Date: Monday, May 16th, 2022
Source: Wall Street Journal
An extended surge in diesel prices is challenging Wall Street bets that inflation is easing.
A global shortfall of the fuel—the workhorse for much of the world economy—is straining industries from trucking to farming and adding to the pressure consumers face from higher energy prices. Europe, dependent on imports of Russian diesel that are expected to slump because of sanctions, is particularly vulnerable.
Motorists and businesses are feeling the pinch. In the U.S., national average retail diesel prices rose to an all-time high for a 15th straight day on Friday, reaching $5.56 a gallon, according to AAA. They have shot up 56% in 2022, outstripping gains in the benchmark price for crude oil. Retail unleaded gasoline prices have risen 35% to a national average of $4.43 a gallon.
Diesel is used in the U.S. mostly in trucks, which means higher prices add to shipping and delivery costs. Inventories of distillates, which also include heating oil, fell recently to a 17-year low in the midst of lower refining activity and higher demand domestically and abroad, according to the U.S. Energy Information Administration. Supplies are particularly tight along the East Coast, where inventories have dropped to their lowest level since at least 1990.
In Europe, where diesel cars account for a bigger chunk of the auto fleet, prices in the wholesale market have leapt 88% over the past year. The availability of fuel is likely to worsen as sanctions on Russia tighten, exposing a flaw in the region’s energy setup.
Governments in recent decades pushed drivers to adopt diesel cars but didn’t upgrade the refinery industry so it could produce the fuel in greater quantities. That meant buying more diesel from Russia, the energy superstore on Europe’s doorstep.
Helge Ippendorf, chief executive of Via Logistik GmbH, a company based near the German city of Cologne that trucks artwork, road-safety materials and other wares, is shelling out 4,000 euros, the equivalent of $4,150, a week for diesel, 80% more than a year ago. He can’t remember such a jump in fuel prices since the 1970s oil shocks.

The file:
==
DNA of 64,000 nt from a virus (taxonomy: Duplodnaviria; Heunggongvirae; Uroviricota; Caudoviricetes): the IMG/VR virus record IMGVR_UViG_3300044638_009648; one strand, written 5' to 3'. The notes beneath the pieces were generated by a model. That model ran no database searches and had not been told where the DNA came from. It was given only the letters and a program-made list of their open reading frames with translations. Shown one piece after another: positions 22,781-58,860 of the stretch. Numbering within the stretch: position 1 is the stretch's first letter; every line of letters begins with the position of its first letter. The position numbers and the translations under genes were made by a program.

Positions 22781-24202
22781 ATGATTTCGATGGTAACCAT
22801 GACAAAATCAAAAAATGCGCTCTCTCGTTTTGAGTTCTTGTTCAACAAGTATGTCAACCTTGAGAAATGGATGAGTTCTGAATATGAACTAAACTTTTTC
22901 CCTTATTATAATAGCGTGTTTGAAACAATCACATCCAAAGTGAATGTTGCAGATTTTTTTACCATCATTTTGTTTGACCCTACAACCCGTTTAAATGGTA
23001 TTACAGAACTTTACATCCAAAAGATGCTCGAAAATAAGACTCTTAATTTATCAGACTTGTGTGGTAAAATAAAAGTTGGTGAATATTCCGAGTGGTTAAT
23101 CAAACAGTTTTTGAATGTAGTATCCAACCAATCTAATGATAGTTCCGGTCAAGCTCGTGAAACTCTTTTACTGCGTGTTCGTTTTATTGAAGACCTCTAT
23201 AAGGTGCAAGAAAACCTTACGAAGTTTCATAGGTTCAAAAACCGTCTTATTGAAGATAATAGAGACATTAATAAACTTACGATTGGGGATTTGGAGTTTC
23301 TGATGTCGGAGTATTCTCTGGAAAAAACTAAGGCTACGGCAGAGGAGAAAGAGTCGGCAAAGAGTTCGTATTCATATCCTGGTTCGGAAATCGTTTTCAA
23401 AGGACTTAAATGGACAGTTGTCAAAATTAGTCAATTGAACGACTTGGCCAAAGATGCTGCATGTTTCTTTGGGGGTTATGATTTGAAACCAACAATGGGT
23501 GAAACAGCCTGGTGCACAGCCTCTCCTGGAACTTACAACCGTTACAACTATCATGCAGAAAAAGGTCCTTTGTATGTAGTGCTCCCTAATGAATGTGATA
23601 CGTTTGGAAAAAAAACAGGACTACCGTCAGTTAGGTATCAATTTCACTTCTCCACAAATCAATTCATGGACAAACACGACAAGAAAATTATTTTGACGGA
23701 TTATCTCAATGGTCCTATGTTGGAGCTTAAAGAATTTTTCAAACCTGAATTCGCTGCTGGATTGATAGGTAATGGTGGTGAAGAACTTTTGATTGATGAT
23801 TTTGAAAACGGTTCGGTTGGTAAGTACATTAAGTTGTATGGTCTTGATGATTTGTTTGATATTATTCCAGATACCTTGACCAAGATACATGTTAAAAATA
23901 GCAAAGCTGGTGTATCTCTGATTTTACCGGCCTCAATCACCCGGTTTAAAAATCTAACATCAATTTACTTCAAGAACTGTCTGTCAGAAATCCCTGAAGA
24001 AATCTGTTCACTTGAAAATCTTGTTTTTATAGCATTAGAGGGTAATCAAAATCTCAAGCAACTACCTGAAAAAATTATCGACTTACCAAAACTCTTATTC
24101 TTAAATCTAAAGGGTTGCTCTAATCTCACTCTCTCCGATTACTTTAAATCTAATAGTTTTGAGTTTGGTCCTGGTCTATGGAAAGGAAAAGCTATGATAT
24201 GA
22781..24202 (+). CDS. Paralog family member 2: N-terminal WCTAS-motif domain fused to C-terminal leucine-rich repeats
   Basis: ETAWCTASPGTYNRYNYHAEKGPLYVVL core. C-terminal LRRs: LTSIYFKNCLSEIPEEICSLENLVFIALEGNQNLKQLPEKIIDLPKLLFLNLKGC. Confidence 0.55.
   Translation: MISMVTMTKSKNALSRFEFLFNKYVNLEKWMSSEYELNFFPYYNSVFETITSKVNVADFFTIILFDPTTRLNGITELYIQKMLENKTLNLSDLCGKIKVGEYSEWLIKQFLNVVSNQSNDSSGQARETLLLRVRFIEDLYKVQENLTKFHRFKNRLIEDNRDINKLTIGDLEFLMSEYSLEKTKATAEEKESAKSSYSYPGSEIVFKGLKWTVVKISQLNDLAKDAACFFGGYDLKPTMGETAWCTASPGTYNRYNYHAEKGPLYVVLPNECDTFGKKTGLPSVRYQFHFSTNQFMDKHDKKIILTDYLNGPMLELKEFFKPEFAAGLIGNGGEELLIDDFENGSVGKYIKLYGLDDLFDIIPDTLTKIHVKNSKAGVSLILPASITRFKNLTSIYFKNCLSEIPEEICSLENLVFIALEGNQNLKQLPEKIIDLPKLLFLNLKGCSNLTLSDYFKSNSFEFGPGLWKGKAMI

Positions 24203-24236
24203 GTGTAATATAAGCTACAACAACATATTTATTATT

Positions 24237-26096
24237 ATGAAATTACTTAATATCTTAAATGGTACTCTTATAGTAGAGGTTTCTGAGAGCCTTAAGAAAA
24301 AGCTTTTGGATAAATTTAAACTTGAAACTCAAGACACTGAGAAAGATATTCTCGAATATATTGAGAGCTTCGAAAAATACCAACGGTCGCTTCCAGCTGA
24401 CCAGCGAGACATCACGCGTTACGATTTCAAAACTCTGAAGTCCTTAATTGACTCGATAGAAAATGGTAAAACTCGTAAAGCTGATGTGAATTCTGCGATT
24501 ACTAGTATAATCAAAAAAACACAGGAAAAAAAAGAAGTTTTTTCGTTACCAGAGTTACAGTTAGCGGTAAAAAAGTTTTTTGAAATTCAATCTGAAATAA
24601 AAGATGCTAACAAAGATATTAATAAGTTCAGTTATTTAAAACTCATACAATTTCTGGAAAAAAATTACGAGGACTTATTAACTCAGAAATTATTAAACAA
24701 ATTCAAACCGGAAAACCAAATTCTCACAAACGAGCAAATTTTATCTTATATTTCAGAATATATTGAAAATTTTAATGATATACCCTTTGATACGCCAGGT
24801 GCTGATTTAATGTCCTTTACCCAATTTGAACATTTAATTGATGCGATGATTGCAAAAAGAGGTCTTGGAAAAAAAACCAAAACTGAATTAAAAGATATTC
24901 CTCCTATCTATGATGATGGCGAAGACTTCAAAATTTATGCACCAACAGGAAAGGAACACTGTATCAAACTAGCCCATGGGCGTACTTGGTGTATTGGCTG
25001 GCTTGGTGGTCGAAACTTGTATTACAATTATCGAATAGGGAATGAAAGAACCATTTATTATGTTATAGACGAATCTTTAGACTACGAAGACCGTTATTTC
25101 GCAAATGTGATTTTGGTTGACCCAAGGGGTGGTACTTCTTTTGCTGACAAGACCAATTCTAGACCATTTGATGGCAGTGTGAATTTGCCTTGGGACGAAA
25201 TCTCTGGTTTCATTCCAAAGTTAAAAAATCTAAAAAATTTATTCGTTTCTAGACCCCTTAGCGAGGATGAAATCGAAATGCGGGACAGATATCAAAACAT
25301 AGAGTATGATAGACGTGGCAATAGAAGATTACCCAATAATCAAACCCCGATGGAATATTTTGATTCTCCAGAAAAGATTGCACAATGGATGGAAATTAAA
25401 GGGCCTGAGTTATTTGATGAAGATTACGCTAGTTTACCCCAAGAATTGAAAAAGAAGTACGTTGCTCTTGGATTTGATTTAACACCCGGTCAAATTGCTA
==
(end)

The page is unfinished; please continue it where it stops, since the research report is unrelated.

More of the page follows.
“No other impact in my whole career—and I started my own company in 1981—was as massive as the situation at the moment,” he said.
Rising energy prices are a major factor contributing to the persistence of inflation, which has sparked steep declines in the stock and bond markets. The S&P 500 fell 1.6% Wednesday after a gauge of U.S. consumer prices came in higher than Wall Street expected.
The winners are petroleum refiners, which convert crude into usable fuels and are enjoying a rare stretch of profitability. Shares of Valero Energy Corp. VLO +2.06% and Marathon Petroleum Corp. MPC +1.38% , two of the biggest U.S. refining companies, have gained 66% and 50% this year, making them the second- and 10th-best performers on the S&P 500, respectively.
Global stockpiles of refined oil products including diesel have fallen to precariously low levels, the International Energy Agency said Thursday. Shortages are starting to crimp mobility in several African countries, Yemen and Sri Lanka. Jet fuel has run low in Mexico, according to the intergovernmental organization.